We have all faced this situation before. Your friend or colleague has some files you need, but you don’t have a USB drive. It’s a large file too.
So what if I told you there’s a simple way to transfer those files wirelessly without installing any apps?
As good as Bluetooth and Wi-Fi Direct technologies are, our devices aren’t that great at communicating with each other yet. Even copy-pasting between devices is difficult. Sure, if you see yourself transferring files often, you can install some apps to send files between devices over Wi-Fi. But at the spur of the moment, you need something simpler and something that doesn’t need either party to install new software.
You’ll be pleased to know that there are some such apps, and they do a bang-up job.
9c.nu (Web): Share a Clipboard on Wi-Fi
When you want to type a long message, the proper full-sized keyboard of your laptop is better than the touchscreen keyboard of your phone. 9c.nu is a shared clipboard for devices connected to the same Wi-Fi network. It’s a good replacement for the now defunct Hopper to copy-paste between devices.
Open the site on one device and type whatever you want in it. Then open 9c.nu on the other device; nope, you don’t need to change the link. As long as both are connected to the same wireless network, you’ll see the same text on both screens. Cool, eh?
It’s a neat way to copy-paste a large chunk of text you’re reading from your laptop to your phone, or vice versa. Plus, all you have to remember is “9c.nu” without typing anything else.
Snapdrop (Web): Works Offline, and Best for Personal Use
Of all the tools listed here, Snapdrop is my favorite. It’s so simple and easy to use, and has a memorable name. It’s like Apple’s Airdrop, but in a “snap”.
Visit Snapdrop from any browser on any device and give it a few seconds. Once the site caches, it can even work offline, so it’ll function even if your Wi-Fi network’s Internet connection goes off. Just add and name your device in Snapdrop, and you can start to transfer files in a jiffy.
Snapdrop also lets you share text messages between the devices, but I don’t see anyone using it much. 9c.nu is better for that.
LanNote (Web): Ideal for Small Offices or Groups
Like 9c.nu, LanNote has only one URL you have to remember. You visit Lannote.com from any device connected to the same Wi-Fi network. But it’s not restricted to text alone. LanNote can handle text, files, and links, making it one of those useful online utilities to work in a group.
It’s basically a common board for everyone to share stuff. Add your name, write the message or insert a link, and share a file. It’ll be posted on LanNote immediately, formatted in a list. So anyone who visits can see who wrote that note and when.
For a small office, this is a wonderful tool that will work only when you’re together in the office, and be non-functional if you’re not on the Wi-Fi network, making it a little more secure from your files falling into the wrong hands.
Simple Savr (Web): When Security Matters More
You wouldn’t always want anyone on your Wi-Fi network to be able to download files or see the messages you are sharing. If your entire office is connected to the same network but you want to use an app for just your team, then Simple Savr (SSavr) is what you need.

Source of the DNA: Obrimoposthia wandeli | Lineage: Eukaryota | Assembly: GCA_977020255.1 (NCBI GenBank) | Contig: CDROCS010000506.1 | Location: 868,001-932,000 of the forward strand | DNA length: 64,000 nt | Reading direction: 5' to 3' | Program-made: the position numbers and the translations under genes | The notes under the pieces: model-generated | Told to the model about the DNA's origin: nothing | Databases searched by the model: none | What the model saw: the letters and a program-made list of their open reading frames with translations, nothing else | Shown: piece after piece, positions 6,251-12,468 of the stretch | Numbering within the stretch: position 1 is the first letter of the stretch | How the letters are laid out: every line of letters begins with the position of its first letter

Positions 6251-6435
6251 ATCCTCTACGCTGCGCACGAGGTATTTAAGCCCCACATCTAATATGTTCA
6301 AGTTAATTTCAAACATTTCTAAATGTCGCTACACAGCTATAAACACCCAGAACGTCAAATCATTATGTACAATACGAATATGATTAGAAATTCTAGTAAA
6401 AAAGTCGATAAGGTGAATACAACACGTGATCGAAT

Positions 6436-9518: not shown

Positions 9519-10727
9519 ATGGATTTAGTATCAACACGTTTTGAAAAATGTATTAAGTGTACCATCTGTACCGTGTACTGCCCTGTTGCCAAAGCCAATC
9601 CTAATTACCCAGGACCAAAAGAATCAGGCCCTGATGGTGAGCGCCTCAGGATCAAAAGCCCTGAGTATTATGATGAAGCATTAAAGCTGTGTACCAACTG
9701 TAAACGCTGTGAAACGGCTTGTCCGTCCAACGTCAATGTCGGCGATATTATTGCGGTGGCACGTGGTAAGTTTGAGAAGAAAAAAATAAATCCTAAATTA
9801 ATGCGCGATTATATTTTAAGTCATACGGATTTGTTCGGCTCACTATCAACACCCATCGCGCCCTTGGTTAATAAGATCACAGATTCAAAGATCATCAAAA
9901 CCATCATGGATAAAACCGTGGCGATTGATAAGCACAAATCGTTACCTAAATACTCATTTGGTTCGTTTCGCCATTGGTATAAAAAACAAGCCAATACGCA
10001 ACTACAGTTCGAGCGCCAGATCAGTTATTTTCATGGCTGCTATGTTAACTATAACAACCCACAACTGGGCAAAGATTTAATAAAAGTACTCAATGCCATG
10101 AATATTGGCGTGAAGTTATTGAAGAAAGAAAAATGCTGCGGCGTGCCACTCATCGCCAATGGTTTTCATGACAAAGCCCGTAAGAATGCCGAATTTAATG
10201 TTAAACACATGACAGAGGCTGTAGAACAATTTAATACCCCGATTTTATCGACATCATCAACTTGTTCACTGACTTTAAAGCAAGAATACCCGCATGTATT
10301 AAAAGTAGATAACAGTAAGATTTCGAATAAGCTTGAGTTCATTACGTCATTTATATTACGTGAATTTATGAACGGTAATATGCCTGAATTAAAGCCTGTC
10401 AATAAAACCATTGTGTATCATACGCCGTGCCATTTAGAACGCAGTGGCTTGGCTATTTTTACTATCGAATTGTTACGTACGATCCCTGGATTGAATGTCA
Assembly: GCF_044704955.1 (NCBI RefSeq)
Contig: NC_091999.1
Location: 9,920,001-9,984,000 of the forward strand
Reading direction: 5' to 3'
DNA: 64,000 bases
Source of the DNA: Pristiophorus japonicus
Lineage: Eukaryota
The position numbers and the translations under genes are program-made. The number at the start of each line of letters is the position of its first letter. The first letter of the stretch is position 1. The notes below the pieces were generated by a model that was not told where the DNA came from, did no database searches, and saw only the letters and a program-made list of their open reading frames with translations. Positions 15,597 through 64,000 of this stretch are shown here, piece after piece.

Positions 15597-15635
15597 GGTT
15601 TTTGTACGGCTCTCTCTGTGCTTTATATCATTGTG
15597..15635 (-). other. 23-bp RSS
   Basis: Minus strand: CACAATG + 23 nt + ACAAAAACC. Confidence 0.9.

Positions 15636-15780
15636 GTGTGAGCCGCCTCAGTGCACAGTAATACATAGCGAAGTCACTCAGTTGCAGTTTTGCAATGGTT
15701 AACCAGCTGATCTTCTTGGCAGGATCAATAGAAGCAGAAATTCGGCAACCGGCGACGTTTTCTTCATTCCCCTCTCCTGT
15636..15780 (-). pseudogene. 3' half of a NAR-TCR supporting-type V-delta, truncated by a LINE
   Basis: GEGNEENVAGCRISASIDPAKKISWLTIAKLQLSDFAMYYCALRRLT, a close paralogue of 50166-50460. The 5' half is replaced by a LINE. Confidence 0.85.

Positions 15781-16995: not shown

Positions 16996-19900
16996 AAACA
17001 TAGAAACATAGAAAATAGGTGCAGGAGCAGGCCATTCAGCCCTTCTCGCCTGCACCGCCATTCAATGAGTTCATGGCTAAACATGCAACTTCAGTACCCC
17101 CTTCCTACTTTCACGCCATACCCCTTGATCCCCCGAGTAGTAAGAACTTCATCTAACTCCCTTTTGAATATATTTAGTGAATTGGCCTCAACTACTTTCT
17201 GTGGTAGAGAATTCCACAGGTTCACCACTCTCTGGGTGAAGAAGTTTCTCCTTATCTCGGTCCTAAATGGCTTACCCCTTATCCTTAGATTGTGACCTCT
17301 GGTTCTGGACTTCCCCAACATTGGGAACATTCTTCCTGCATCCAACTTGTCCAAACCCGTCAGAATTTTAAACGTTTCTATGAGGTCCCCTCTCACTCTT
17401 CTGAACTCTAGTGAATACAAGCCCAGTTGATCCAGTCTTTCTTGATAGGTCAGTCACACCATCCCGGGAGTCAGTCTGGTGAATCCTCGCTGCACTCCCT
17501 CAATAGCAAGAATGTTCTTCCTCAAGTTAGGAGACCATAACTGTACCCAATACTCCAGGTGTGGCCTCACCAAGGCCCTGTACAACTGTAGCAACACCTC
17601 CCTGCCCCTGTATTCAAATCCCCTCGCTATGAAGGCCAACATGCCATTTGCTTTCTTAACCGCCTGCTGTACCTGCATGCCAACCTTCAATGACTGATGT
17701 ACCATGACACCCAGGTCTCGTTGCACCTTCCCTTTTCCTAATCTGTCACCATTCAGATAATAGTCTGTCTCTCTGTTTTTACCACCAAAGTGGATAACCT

The web app has password protection to help you securely access the data you are sharing. SSavr is also the only one of these apps to encrypt the data, making it that much safer to send sensitive files securely. But while it gives you all this, you can add individual IP addresses so SSavr’s scope is expanded beyond the people sitting near you, just in case one of your teammates is working remotely.
Apart from that, the app is excellent. Its responsive design makes it friendly to use on mobiles and laptops, it syncs text and files instantly, and you can upload files up to 25MB. It just works.
Reep.io (Web): When You Don’t Have Wi-Fi [No Longer Available]
In case your devices aren’t connected to the same Wi-Fi network, you can use the power of the internet to quickly transfer a file. And no, I don’t mean uploading it to the cloud.
Cloud transfers take too much time. First, you have to upload your file to a server completely. Only then can I start downloading it to my device. That takes twice the amount of time as simply sending the file to me directly.
Instead, Reep.io lets us create a peer-to-peer connection between our two devices. So as soon as you start uploading, I can start downloading it, before your upload is finished. It speeds up the process substantially.
Which Installable Sharing App Do You Love?
These web-based tools are fantastic for a quick fix, since you can complete your task without making everyone install some new app on their device. But for a long-term solution, offline installable apps are often better.
I personally love Send Anywhere, and think it’s the best way to transfer files between devices today.
What about you?
Which app do you use to share files and messages between devices, and why? Have you got any neat alternative for the office-specific apps above like LanNote or Simple Savr?